Wednesday, January 18, 2012

Review: Welcome, Caller, This is Chloe by Shelley Coriel

Big-hearted Chloe Camden is the queen of her universe until her best friend shreds her reputation and her school counselor axes her junior independent study project. Chloe is forced to take on a meaningful project in order to pass, and so she joins her school’s struggling radio station, where the other students don’t find her too queenly. Ostracized by her former BFs and struggling with her beloved Grams’s mental deterioration, lonely Chloe ends up hosting a call-in show that gets the station much-needed publicity and, in the end, trouble. She also befriends radio techie and loner Duncan Moore, a quiet soul with a romantic heart. On and off the air, Chloe faces her loneliness and helps others find the fun and joy in everyday life. Readers will fall in love with Chloe as she falls in love with the radio station and the misfits who call it home.

I wasn't too optimistic while I was reading the first few chapters of Welcome, Caller, This is Chloe. I found Chloe to be a bit needy and insecure, and I thought that her (former) friends were kind of shallow and extremely mean. By the 5th chapter, though, I was hooked.

From being one of the more popular girls at school, Chloe suddenly finds herself a loser. Her former friend Brie has smeared her reputation with baseless lies. Adding to her woes is her new guidance counselor who vetoes her independent study program and urges her to do her independent study program on the school's radio station.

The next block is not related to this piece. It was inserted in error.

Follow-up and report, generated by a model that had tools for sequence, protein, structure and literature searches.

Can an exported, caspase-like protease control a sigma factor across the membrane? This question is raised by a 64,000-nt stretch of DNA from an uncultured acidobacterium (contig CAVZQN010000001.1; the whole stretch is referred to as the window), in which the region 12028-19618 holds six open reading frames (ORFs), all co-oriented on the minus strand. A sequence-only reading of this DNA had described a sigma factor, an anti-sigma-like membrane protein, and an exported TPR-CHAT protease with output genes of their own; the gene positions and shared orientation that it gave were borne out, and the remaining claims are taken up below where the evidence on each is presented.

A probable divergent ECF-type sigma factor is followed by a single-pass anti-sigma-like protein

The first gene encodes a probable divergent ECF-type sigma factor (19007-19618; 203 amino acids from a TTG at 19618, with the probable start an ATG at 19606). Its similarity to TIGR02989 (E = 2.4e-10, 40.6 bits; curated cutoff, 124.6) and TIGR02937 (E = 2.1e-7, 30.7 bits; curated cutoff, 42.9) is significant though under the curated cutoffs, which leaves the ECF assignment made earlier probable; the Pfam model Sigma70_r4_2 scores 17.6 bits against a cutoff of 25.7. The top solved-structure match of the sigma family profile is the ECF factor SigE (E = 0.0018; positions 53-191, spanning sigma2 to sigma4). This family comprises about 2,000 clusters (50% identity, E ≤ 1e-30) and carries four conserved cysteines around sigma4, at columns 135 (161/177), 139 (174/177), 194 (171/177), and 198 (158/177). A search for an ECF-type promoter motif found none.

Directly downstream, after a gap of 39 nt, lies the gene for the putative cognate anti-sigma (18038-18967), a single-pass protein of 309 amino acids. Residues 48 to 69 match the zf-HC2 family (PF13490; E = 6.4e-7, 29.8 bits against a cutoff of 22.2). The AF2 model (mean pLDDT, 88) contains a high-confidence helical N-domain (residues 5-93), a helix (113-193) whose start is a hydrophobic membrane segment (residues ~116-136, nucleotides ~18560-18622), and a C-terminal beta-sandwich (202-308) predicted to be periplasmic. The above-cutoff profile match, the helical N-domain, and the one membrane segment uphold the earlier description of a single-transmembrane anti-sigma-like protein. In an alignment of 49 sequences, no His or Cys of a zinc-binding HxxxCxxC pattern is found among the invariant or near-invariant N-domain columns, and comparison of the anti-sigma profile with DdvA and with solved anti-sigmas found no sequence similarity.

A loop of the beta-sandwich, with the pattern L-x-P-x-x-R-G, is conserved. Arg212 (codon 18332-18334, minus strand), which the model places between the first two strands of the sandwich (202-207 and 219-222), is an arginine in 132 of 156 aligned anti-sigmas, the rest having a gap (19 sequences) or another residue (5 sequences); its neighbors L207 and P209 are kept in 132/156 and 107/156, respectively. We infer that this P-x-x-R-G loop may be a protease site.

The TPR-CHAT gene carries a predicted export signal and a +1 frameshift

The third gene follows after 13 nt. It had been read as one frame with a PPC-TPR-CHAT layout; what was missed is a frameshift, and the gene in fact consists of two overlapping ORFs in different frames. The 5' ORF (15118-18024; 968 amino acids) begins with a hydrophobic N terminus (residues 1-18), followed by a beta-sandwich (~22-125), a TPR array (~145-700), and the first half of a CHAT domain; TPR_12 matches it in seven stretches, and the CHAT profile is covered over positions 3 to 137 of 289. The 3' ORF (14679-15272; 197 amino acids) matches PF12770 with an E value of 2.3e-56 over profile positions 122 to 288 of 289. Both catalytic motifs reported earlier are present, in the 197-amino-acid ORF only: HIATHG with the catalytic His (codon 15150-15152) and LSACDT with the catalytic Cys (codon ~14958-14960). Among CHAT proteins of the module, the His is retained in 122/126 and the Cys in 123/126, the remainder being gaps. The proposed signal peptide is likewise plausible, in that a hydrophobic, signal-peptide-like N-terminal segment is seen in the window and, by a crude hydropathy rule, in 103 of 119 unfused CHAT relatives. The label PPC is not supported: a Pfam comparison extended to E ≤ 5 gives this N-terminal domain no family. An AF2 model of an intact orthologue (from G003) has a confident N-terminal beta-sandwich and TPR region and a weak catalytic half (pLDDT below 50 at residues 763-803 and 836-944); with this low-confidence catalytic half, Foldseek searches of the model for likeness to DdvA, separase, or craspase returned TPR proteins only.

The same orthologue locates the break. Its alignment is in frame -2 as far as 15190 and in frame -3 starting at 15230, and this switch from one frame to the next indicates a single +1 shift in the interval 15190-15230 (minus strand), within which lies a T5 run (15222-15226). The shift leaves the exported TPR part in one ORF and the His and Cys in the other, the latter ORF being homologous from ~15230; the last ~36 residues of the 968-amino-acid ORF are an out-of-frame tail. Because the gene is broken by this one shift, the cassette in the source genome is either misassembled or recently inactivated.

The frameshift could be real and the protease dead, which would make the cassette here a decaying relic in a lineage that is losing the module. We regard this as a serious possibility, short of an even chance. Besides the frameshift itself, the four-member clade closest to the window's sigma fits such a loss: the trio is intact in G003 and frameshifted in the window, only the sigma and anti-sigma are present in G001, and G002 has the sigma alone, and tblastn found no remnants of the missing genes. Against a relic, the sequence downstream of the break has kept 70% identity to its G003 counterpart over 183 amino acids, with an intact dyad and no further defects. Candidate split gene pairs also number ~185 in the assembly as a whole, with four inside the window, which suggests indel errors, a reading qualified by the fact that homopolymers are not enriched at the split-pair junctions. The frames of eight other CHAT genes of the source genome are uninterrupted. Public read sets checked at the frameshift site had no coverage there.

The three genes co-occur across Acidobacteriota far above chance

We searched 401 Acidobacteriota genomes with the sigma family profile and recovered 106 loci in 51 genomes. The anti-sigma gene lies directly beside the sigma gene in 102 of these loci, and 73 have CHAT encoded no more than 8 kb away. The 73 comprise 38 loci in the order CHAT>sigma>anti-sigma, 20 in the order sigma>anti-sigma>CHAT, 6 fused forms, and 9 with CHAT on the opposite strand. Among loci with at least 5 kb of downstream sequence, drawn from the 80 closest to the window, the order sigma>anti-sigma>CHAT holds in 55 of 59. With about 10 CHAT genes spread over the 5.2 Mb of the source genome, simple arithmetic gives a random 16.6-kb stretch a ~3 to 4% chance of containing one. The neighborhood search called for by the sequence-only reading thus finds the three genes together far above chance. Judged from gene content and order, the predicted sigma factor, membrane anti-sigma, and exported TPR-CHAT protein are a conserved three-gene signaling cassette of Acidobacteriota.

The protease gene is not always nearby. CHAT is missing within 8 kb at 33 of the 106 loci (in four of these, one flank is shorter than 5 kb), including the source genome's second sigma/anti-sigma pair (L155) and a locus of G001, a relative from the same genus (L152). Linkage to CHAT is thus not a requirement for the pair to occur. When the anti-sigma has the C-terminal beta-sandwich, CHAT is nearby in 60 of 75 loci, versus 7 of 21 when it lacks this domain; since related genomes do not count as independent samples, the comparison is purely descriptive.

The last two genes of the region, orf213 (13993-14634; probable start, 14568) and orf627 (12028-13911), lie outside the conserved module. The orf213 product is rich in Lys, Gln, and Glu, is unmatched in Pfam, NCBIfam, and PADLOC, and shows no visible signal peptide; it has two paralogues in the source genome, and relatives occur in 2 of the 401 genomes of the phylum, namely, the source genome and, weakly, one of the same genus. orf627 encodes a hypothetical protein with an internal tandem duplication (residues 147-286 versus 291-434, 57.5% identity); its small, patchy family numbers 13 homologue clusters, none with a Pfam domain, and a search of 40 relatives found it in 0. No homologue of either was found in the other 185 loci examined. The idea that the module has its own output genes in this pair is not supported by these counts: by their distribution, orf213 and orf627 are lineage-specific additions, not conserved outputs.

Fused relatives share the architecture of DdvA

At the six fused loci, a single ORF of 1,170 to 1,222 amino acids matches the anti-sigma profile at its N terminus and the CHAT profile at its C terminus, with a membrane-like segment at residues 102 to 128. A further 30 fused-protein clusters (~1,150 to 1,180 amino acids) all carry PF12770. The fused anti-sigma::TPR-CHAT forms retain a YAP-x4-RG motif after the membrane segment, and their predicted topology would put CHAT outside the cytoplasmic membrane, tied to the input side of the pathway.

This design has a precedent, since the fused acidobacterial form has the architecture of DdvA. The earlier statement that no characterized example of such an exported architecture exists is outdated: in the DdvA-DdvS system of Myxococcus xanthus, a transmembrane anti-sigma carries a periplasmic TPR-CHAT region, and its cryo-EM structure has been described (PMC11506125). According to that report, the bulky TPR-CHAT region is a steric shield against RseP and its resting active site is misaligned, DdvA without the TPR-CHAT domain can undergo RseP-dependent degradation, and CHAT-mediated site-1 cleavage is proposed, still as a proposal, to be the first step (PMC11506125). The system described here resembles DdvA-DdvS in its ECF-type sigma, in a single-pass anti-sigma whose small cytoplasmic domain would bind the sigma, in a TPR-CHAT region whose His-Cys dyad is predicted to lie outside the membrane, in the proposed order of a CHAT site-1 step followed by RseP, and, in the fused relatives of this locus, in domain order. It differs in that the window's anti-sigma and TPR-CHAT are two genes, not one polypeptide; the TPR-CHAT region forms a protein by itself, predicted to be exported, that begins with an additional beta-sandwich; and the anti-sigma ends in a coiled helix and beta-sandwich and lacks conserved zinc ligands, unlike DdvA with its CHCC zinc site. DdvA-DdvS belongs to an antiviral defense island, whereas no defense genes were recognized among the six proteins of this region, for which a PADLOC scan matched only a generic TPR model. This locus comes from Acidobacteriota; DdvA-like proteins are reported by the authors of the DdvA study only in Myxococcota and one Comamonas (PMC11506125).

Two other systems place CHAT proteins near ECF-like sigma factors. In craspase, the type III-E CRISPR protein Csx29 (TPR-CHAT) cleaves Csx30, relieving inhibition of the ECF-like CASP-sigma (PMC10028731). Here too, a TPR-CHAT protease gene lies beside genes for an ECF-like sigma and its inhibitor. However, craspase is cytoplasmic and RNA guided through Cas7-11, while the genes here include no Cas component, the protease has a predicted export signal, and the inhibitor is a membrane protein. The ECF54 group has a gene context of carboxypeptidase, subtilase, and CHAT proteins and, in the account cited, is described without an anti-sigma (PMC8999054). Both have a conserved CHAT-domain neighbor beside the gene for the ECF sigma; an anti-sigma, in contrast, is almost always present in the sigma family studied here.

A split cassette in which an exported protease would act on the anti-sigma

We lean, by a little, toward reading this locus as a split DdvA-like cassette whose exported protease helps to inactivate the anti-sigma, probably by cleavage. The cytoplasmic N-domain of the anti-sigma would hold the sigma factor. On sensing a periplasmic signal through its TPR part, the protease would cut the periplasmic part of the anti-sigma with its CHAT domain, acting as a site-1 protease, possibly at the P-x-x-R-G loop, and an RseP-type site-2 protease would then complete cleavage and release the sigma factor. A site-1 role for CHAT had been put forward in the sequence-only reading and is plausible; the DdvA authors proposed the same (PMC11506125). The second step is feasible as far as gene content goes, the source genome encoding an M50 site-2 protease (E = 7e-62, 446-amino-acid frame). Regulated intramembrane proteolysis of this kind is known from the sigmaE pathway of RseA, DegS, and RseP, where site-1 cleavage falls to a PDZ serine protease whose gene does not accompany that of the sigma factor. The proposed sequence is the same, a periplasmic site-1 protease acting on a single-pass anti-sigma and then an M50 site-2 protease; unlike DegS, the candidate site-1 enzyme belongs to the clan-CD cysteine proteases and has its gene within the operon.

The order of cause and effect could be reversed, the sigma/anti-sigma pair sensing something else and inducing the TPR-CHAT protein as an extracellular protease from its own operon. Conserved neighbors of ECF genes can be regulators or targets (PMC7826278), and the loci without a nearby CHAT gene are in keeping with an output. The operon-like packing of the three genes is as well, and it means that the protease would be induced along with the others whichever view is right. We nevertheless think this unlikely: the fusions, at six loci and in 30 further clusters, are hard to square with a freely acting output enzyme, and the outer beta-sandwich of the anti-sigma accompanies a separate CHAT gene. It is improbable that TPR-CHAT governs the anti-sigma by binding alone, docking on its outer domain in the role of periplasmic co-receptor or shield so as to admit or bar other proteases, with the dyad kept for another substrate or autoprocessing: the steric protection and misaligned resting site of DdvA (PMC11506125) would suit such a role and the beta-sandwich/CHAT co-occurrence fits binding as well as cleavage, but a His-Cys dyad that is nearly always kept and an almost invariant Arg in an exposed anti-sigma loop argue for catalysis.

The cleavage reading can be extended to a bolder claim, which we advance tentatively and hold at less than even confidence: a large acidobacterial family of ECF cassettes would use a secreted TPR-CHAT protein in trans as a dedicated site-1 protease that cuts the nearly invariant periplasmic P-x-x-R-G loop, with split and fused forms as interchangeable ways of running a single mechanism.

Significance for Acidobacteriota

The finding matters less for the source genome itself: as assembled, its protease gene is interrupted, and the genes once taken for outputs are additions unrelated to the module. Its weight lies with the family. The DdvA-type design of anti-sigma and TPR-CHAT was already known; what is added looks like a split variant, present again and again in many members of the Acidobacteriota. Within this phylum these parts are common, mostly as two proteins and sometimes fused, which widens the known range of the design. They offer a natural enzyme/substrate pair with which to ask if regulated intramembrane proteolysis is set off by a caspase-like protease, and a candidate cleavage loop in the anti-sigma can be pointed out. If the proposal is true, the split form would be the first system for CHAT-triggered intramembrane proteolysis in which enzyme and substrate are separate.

Chloe's voice was very authentic, and I had no trouble imagining this high school junior and her life. The neediness and insecurity that Chloe showed is typical of most teenage girls, and thankfully, by the end of the book, she had already learned to control it. Her growth made it easier to like her and sympathize with the events that happen in her life.

Another thing that the novel had going for it was the way that Ms. Coriell portrayed the characters' relationships. The dynamics between the characters felt unforced and genuine. Trust me, I know what it's like to have an ill grandmother and a worried mother who would simultaneously want to help my grandmother and want to freak out, and what it's like to have best friends turn on you. Ms. Coriell definitely got it right. I'm also very glad that Chloe didn't go Bella (read: co-dependent) on Duncan, although there were a couple of moments when it felt like she was on the verge of it.

Thanks to NetGalley and Amulet Books for providing me with an e-copy. Publication date of Welcome, Caller, This is Chloe is on May 1, 2012.

  1. Believable characters. The characters were so well-fleshed-out that it felt like there were no minor characters.
  2. Cute love story.
  3. Chloe. Chloe was a character that might annoy you at first, but she's actually quite loveable. Think Polyanna, but less saccharine-sweet.
  1. Chloe's shoe obsession. I'm not a fan of shoes, so I didn't really get the whole shoe love that Chloe had going on. If you're a shoe fan, though, I think you might find Chloe's observations accurate and her shoes envy-worthy.
  2. There was a twist near the end of the story that felt unnecessary.
I raised Duncan's hands to my lips. First I kissed one palm, then the other. "When you feel lonely, I'll be there."
Duncan stared at his palms and wrapped his fingers around my kisses.
  1. You like YA novels with a believable cast of characters.
  2. You like YA novels were it's not just about the lead female character getting a boyfriend.
  3. You like fashionable heroines.



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